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5.0 out of 5 stars Very useful specific and conceptual trading techniques
I found this a book very useful, as it covered specific trading techniques, supplemented with examples of their use. Many of the techniques were refinements of existing ones. In some cases, these refinements significantly improved performance (based upon my own testing).
Like any other techninal trading book, each of the techniques needs to be tested against...
Published on Oct. 22 1999

versus
4 of 4 people found the following review helpful
1.0 out of 5 stars A professional trader writes 25 books?
Trading especially short term trading need great concentration and a full-time commitment. Professional traders write few or no book.
Mr. Bernstein's books and articles are everywhere. Sometimes I came across his publications, I scanned through a few pages to see what he had to say about trading. Mr. Bernstein makes statements which are generally safe and easy to...
Published on Oct. 8 2000 by Ed Huang


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4 of 4 people found the following review helpful
1.0 out of 5 stars A professional trader writes 25 books?, Oct. 8 2000
This review is from: The Compleat Day Trader (Hardcover)
Trading especially short term trading need great concentration and a full-time commitment. Professional traders write few or no book.
Mr. Bernstein's books and articles are everywhere. Sometimes I came across his publications, I scanned through a few pages to see what he had to say about trading. Mr. Bernstein makes statements which are generally safe and easy to say. For example, I read his article the other day. He tells the readers "Do your homework.", "The trend is your friend." etc. Of course, these are the common rules for traders. But what are the concrete steps to implement these rules in the real-life situation? Well, I could hardly find any. On the other hand, he stated in that article: "...I maintain that a good trader can make any system works." I found this statement unprofessional and phony. The reasons:
1. Many systems on the market are just trash and can not be used at all.
2. Good traders wouldn't pick up any system and risk their money with it. Good traders are very selective and only trade a few systems that have proven record and are suitable for their individual styles.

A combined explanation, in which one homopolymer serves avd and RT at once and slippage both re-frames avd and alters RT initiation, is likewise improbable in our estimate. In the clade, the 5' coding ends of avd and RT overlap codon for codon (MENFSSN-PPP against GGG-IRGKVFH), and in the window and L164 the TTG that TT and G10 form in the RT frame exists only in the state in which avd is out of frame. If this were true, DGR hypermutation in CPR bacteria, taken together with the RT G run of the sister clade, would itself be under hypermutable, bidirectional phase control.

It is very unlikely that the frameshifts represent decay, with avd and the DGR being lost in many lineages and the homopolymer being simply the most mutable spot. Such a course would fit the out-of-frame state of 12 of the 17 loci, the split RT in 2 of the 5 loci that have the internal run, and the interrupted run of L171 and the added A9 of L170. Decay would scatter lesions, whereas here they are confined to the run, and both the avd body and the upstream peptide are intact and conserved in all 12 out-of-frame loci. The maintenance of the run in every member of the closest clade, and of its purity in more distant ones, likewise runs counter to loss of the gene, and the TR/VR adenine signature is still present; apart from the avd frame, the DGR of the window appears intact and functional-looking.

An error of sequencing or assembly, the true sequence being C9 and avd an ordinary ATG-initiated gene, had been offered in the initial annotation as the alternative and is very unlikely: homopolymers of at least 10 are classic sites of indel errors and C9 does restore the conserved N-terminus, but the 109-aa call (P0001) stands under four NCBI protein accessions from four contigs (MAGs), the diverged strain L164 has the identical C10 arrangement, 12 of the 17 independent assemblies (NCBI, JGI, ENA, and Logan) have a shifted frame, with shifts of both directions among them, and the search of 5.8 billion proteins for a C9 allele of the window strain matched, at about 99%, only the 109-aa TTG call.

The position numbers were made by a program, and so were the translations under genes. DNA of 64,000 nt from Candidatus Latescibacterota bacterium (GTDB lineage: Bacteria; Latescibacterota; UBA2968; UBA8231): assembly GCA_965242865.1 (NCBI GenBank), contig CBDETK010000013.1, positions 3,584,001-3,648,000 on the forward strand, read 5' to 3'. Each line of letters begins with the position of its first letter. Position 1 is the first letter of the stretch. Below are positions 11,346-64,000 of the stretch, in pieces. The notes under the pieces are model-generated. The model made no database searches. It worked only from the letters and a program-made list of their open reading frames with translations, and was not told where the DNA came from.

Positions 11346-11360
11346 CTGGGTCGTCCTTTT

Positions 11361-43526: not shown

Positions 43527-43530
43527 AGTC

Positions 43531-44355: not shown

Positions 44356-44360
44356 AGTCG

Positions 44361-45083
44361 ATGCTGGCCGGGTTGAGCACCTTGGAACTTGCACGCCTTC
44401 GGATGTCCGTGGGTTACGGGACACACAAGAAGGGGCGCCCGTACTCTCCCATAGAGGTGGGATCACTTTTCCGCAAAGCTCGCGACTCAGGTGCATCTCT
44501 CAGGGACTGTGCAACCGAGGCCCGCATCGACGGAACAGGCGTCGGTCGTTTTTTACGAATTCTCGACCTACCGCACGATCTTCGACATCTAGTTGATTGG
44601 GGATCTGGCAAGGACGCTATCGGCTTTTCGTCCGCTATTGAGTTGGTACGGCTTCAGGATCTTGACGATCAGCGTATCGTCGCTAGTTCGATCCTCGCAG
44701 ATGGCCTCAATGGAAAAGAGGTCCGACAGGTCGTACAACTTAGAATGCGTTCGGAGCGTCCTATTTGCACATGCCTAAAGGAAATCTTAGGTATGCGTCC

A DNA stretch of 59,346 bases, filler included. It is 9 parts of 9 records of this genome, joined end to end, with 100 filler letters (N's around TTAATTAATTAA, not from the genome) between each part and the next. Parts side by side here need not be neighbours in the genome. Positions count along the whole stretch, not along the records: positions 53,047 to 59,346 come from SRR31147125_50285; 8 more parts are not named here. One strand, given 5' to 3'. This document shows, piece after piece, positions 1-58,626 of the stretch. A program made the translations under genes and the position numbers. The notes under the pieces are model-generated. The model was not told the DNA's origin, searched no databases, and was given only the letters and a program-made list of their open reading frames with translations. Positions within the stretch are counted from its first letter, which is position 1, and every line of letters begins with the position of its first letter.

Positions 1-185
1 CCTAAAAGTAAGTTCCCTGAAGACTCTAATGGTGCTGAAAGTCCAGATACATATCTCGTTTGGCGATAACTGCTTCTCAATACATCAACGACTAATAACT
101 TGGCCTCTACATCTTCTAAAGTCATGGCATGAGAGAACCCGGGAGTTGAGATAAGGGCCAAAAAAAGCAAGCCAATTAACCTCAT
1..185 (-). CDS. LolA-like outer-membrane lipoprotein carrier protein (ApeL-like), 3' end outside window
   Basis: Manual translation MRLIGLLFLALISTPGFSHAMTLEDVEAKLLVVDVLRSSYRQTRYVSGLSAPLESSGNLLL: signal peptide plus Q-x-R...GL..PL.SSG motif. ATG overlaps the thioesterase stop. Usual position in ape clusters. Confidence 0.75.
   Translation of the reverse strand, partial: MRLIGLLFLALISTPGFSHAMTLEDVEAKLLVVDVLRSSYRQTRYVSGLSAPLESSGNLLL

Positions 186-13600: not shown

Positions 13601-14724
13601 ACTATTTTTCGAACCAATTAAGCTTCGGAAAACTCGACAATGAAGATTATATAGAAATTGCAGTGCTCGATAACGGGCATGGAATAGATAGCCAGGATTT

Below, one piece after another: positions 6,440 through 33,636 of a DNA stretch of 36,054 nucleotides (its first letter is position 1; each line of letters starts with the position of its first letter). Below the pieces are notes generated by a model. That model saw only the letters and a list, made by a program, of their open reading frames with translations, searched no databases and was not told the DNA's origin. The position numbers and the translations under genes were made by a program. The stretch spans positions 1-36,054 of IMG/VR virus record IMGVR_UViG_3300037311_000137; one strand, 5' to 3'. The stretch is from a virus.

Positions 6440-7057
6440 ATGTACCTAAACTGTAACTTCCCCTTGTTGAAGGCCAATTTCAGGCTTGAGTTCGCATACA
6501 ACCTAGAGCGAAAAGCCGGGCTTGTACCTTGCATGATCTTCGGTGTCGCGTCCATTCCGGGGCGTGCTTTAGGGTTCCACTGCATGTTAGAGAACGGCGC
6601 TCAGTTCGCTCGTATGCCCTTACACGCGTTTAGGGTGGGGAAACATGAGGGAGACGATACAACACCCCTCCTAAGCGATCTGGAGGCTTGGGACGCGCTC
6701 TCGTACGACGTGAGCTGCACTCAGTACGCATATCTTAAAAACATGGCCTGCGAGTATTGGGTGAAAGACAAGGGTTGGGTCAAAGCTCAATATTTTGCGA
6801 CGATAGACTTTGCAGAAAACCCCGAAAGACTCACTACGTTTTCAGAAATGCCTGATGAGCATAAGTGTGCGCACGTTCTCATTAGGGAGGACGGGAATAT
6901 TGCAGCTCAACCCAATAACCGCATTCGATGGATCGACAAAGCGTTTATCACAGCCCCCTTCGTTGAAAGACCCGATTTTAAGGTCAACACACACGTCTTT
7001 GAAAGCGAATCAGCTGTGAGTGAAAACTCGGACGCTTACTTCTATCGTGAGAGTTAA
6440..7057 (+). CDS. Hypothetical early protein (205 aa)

I found similar problems in other works by Mr. Bernstein. Should I bother to buy this book? No, thanks.
I have read books from many different writers and have more than 10 year active trading experience. So I know something.
A few tips(IMO) for choosing good books on trading:
1. Only a small percentage of books on the market are good or great.
2. Popular books are not necessary good books. If you automatically think so, you've probably fallen into "Herd mentality" thinking.
3. Trading is a bottom line business. Find books written by traders who had proven long-term(5 year or more) successful trading records. They are the ones "know how".
4. Be wary of the authors who write many trading books.
Good luck.
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4.0 out of 5 stars For hardcore day traders, and straight to the point, Oct. 7 2000
By 
+++ (OR, United States) - See all my reviews
This review is from: The Compleat Day Trader (Hardcover)
Most books for "day traders" are so general that their techniques and advice can be successfully used by swing-traders (those who keep stocks for several days), and even by longer-term investors. This one is different. The author, Jake Bernstein, strongly advocates real day trading, when no securities ever kept overnight. Therefore, his techniques are usable for very short term trading only.
The advantage of this book is that it has very little general rhetoric and comes straight to the point, that is to the techniques which the author finds profitable. Basically, 90% of the book is about the use of technical indicators (such as various moving averages and oscillators) to determine potentially profitable entry and exit points. The topics discussed in particular detailed manner are the use of moving averages, stochastic indicator, moving average channel (MAC), relative strength index (RSI), momentum, and techniques for trading of opening gaps. The author also suggests several oscillators of his own. However, despite the simplicity of these indicators, one has to own software such as Omega Research Trade Station to calculate and plot these home-made oscillators in real time, or write a program yourself. There are also several chapters applicable to futures only (actually, the whole book is about trading in the futures market, but 95% of techniques are equally applicable to stocks).
The great advantage of the book is that it is very specific, clearly illustrated, and gives plenty of detailed technical advice and a number of potentially profitable trading techniques. Be advised, however, that those who are interested in trading but do not have enough capital to take profits from half-a-tick changes (and I, too, belong to this group) cannot really take advantage of this book. No trend and no trade longer than a few hours is discussed there! Therefore, this book is for the serious day traders, and only for them. If you are a day trader, this book is a must; if you are not, do not bother buying it but rather consider other options, e.g., the excellent book "How to get started in electronic day trading" by D.S.Nassar which is good for traders on any time frame.
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2.0 out of 5 stars A few decent ideas, hardly "complete" though, Aug. 29 2000
This review is from: The Compleat Day Trader (Hardcover)
I picked up this book with hesitation, aware of the reputation Bernstein has as a hypester right up there with Larry Williams, Ken Roberts etc. However I can say I was pleasantly surprised. He approaches the subject honestly and with little hype.